Thursday, June 07, 2012

On the Use of Slurs and Offensive Terminology

From this Google+ post by Kristen Strater.

Recently a tweet by Gwyneth Paltrow caused some level of controversy in the news because of her choice of words, and Kristen shared this piece by Billy Johnson Jr., to which myself and a variety of others replied.  I recommend reading the post, especially the comments by Darryl Barnes, Chuck Buford,  and Holden Caulfield, though as the purpose of this site is primarily for voicing my perspective on things, I'll only include here the thoughts I had on the matter.

Many of the alternate spellings and uses of the original slur derive from earlier use by African Americans in rap or comedy or other media, either consciously or unconsciously reclaiming the word somewhat from it's racist earlier use. That said, these uses of the word were nearly exclusively made by those who the epithet was originally used to insult and denigrate, and it is certainly used by some still for its original meaning.

In the end, I tend to believe it's important to be able to speak our minds freely and to have a wide variety of words to do so. It is not necessary to use historically hurtful words which don't really serve to convey any more meaning to a thought than had it been made without the word, so regardless of the shifting meaning behind a word in the now, there's no harm in simply considering my choice of words or phrasing of an idea so as to not offend listeners or readers. I'm not talking or writing just to shout into the ether; I want to be heard, understood, and engaged with. Offending people or ridiculing them reduces the number of those willing to converse with me and that's doing everyone a disservice.

...and later

+Darryl Barnes,I apologize if I came off as addressing something irrelevant, but for what it's worth I don't think I was giving any history lesson. As your exchange with +Chuck Buford shows, there's a lot of difference in opinion on the matter even in this 'modern' age. A couple of questions so that I might better understand your position on it, if you'd indulge me. You said you're not offended by slang variants of the word and have multiple white friends who use the terminology in a friendly and casual way, though for argument's sake if an openly and proudly racist guy called you one of those would it be the same? I may be off the mark though I would assume you'd at the least be uncomfortable with it because you'd have a feeling of what he was implying or intending to get around and still use. On the other hand the actual racist word used in a comedy bit where someone is using just about every other slur for other race and ethnicity imaginable it may be more tolerable because the intent behind the use of it.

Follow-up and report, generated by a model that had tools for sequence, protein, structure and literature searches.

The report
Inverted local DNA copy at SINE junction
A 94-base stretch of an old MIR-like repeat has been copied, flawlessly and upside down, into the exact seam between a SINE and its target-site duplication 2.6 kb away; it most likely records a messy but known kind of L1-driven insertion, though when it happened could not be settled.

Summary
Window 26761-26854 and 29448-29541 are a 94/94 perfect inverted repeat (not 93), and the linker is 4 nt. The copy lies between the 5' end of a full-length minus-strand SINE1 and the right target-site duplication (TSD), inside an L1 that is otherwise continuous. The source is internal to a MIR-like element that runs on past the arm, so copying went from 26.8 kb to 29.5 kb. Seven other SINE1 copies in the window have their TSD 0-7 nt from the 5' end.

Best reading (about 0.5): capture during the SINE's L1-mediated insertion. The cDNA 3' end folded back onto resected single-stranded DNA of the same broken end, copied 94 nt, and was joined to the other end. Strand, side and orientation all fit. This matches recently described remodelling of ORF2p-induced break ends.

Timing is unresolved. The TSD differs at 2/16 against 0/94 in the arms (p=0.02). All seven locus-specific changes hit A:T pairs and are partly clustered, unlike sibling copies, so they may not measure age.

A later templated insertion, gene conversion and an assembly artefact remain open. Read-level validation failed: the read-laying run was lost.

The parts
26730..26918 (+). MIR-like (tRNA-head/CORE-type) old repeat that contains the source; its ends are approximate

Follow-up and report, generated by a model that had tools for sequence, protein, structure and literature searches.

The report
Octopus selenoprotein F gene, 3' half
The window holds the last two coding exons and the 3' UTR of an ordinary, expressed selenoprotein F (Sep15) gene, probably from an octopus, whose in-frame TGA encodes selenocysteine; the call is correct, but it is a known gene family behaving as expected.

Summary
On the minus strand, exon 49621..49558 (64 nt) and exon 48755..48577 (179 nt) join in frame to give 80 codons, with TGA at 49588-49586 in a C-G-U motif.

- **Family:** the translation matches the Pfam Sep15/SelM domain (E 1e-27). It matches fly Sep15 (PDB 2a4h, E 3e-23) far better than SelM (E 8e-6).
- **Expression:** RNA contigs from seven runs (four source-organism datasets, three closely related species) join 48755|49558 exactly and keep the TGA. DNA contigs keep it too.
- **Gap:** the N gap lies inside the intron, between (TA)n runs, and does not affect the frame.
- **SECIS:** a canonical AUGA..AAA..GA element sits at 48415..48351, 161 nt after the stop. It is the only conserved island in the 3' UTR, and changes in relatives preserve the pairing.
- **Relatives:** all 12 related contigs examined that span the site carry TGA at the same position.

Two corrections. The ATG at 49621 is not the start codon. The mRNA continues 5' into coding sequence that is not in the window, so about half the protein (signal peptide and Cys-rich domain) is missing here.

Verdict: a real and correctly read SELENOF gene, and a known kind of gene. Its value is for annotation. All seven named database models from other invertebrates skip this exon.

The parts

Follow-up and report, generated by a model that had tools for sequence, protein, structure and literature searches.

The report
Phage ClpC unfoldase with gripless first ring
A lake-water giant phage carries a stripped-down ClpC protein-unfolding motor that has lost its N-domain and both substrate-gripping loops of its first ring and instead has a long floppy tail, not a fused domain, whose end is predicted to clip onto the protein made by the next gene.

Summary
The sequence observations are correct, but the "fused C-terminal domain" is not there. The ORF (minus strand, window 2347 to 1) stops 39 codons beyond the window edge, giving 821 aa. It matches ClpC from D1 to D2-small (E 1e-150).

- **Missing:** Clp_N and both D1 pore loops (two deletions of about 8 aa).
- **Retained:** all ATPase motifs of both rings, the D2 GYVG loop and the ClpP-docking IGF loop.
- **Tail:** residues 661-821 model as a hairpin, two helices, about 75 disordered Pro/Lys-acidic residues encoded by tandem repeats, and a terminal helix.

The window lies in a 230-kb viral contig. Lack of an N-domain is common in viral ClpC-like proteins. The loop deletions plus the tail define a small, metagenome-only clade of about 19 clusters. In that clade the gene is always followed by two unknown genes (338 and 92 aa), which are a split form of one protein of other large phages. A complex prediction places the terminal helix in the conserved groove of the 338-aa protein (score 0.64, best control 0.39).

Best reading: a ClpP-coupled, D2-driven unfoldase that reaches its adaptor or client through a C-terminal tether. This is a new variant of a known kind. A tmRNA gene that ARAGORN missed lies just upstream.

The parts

In any event, I've no doubt you've a different perspective from myself on this having experienced life in a different pair of shoes, so to speak, and I respect your opinion on the matter. I stand by what I said in the second paragraph of my last comment, which is that the use of the word is not necessary to better convey a message or idea to others and in fact using it will distract from what a person is trying to say because of either offense at its use or because there will inevitably be a crapstorm of meta-discussion about 'should he or she have used the word, ever used the word in any situation, does this mean they're racist, oh they have black friends who say it's okay, blah blah blah.' If someone's wanting to contribute to a conversation, it's not fear of using an offensive word and a suppression of their free speech to avoid using it; it's recognizing its use is at best a distraction to what they are trying to say. This goes for all slurs or offensive terminology as well, not just for one term for one demographic group. (Obviously the caveat is if the conversation is about slurs.)

Kristen Strater I +1'd your comment illustrating the context of this particular story and how I guess the tweet in question is a paraphrased reference to one of the songs off Watch the Throne since I'll admit I didn't initially read much about this particular story. Having read it, I think outrage isn't in order(though titles of songs or movies or books or lyrics or quotes with slurs do present a slightly different issue from simply using the word in one's own parlance) and I don't think there's been as huge an outcry about it nationally as if it wasn't such a tangled situation. To answer your question about anti-racism activism I wouldn't consider myself an activist and I'm not really involved with any groups or movements or done much specific reading on the topic, though I think I've seen a couple of Wise's videos here on the internet. I just enjoy participating in discussions with people and I relish trying to find ways to discuss things considered to be controversial or polarizing in a way that is both enlightening and engaging for people who are interested in the topic.